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Luggage Transfer Correos

Camera Backpack Recommendations

0 Euro Camino Bank Note

The Good Thief

New Member
Camino(s) past & future
May (2020)
Hello everyone!

I plan on walking the Camino del Norte route next year but as a photographer I'm hoping to capture the journey through photos and videos. So apart from all the usual items (clothes, toiletries, etc), I'll be packing my camera gear and I'm looking for camera backpack to carry it all. My main concerns are capacity and weight. Here's what I'm carrying in terms of camera gear:
1 x Sony A7R III
1 x Sony 70-200mm F2.8 GM OSS
1 x Zeiss 55mm F1.8
1 x Tamron 17-28mm f/2.8
1 x RX100 VII (with rig, mic and grip)
1 x Travel tripod
Hardware (laptop, hdds, etc)

I've looked at the Peak Design Travel Backpack but is it too heavy (especially with a Camera Cube)? I've also got the F-Stop Tilopa with a ICU and I think that's the same weight.
Has anyone tried a lightweight backpack (eg. one of those ultralight Dyneema backpacks) and put a camera cube inside? Does it make it too cumbersome to access the camera?

Thanks for any suggestions!
 
Last edited:

jozero

Been there, going again...
Camino(s) past & future
CF x 3
You can check out the pacsafe lineup: https://www.pacsafe.com/use/photography/ . I'm not sure what size you need as this is quite a bit more gear than I carried but they have several sizes.

I used one and was quite happy with it. Not only safe (cable lined straps to prevent slash-n-go, safety locking clips on each zipper, etc) but the straps reconfigured so I could wear this pack in the front during the day for easy access to my camera gear and wear my main pack on the back. In town at night I would just take this camera pack when I walked around. It also has a tablet pocket in the back which was perfect for me as I edited on the way.

I used the pacsafe camerasafe V17 anti-theft bag:
1566067683385.png
 

Jean Ti

Member
Camino(s) past & future
Camino Norte, Primitivo, Frances,Via de la Plata

Trying to do one camino every year
How many days are you expecting go walk?

Have you ever done that type of trip before ?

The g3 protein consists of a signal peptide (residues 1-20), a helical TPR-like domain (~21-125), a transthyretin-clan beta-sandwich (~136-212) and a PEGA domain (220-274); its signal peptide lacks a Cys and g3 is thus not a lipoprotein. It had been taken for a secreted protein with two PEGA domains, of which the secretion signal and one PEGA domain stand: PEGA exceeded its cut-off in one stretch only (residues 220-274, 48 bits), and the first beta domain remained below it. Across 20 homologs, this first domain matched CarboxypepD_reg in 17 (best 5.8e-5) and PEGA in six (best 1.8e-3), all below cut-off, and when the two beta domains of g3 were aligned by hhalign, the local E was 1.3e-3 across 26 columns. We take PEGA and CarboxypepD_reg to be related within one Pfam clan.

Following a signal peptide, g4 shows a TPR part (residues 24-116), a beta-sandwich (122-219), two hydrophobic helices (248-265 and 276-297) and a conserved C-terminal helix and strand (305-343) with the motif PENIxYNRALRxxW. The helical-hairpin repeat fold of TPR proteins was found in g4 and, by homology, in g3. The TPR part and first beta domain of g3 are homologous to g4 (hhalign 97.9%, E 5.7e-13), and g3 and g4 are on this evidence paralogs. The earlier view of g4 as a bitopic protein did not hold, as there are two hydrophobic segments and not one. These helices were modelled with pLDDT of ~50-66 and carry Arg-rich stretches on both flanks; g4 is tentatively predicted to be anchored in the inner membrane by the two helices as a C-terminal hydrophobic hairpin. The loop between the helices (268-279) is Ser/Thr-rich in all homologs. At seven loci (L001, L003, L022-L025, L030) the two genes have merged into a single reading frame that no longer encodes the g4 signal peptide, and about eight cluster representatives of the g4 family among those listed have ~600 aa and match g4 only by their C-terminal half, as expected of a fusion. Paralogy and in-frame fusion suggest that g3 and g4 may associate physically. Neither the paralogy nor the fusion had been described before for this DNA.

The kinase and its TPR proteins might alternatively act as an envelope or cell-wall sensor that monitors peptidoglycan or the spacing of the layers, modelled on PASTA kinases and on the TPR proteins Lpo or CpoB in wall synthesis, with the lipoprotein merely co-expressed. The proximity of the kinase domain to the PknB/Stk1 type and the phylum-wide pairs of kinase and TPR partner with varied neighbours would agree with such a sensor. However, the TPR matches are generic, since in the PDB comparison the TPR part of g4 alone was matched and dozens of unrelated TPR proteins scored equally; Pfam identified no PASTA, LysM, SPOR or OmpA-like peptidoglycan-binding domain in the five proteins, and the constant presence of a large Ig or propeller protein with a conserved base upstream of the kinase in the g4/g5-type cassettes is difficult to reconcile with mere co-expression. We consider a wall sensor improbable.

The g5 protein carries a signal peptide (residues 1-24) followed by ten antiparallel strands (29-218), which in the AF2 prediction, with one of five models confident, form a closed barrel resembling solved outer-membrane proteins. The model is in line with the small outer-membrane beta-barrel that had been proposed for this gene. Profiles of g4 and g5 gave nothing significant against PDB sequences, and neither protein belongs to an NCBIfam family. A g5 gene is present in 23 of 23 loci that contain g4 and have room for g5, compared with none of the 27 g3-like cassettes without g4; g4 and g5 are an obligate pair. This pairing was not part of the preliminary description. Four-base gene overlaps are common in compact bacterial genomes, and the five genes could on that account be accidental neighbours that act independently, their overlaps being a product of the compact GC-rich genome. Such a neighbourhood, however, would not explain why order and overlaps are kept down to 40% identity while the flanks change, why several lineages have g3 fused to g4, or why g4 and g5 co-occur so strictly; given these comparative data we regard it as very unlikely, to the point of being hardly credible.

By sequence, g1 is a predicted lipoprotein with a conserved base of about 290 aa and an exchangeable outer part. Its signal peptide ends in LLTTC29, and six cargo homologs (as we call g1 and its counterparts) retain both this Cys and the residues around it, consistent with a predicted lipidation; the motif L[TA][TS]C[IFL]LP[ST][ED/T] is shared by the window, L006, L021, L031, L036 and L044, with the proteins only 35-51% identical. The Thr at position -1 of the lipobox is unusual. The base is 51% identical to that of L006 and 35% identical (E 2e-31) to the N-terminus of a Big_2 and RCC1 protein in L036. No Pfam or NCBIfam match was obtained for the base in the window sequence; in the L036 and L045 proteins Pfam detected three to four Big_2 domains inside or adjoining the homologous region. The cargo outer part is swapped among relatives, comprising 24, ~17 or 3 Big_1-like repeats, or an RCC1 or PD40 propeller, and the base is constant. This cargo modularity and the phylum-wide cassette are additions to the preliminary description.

The Good Thief

New Member
Camino(s) past & future
May (2020)
You can check out the pacsafe lineup: https://www.pacsafe.com/use/photography/ . I'm not sure what size you need as this is quite a bit more gear than I carried but they have several sizes.

I used one and was quite happy with it. Not only safe (cable lined straps to prevent slash-n-go, safety locking clips on each zipper, etc) but the straps reconfigured so I could wear this pack in the front during the day for easy access to my camera gear and wear my main pack on the back. In town at night I would just take this camera pack when I walked around. It also has a tablet pocket in the back which was perfect for me as I edited on the way.

I used the pacsafe camerasafe V17 anti-theft bag:
View attachment 63476
Thanks for the suggestion. I've used Pacsafe gear before and I like their bags but the idea of carrying a second bag isn't appealing. Will keep it in mind though.
 

The Good Thief

New Member
Camino(s) past & future
May (2020)
How many days are you expecting go walk?

Have you ever done that type of trip before ?
I've given myself a bit over 40 days. I've done quite a few trips but never one this long. I've done a pilgrimage from Germany to Rome (had a car most of the time but there was a fair bit of hiking in Germany) and I learnt my lesson about carrying essential gear (I had 2 x 5D bodies, 24-70, 17-40, 35, 50, 150-600, 2 x speedlites, tripod, 15" MBP - it was just too much weight).
 

Jean Ti

Member
Camino(s) past & future
Camino Norte, Primitivo, Frances,Via de la Plata

Trying to do one camino every year
I think that you carry to much equipment. You should do a simple test. Pack all your personnal gear for the trip and all the photo equipment plus the computer charger etc and go walk 30km on a nice day. And do the same thing in a rainy day.

Last time in did the Norte i got 5 days of rain in a row...🐳🐋🐟🐠🐡

After that i am shure that you will remove some gears...
 

debra

Active Member
Camino(s) past & future
VdlP 2010, Frances 2010
Via Francigena 2014 bicigrino
Way of St. Francis 2017 bicigrino
How do you plan to reach your equipment if it is in a backpack when you are in need of a lens change or other speedy change in equipment?

A second real question is how you plan to watch your camera when visiting museums or other location which have a no backpack rule.
 
Last edited:

Darby67

Enólogo caminando
Camino(s) past & future
2018 CF Jan-Feb
2019 CF Jan-Mar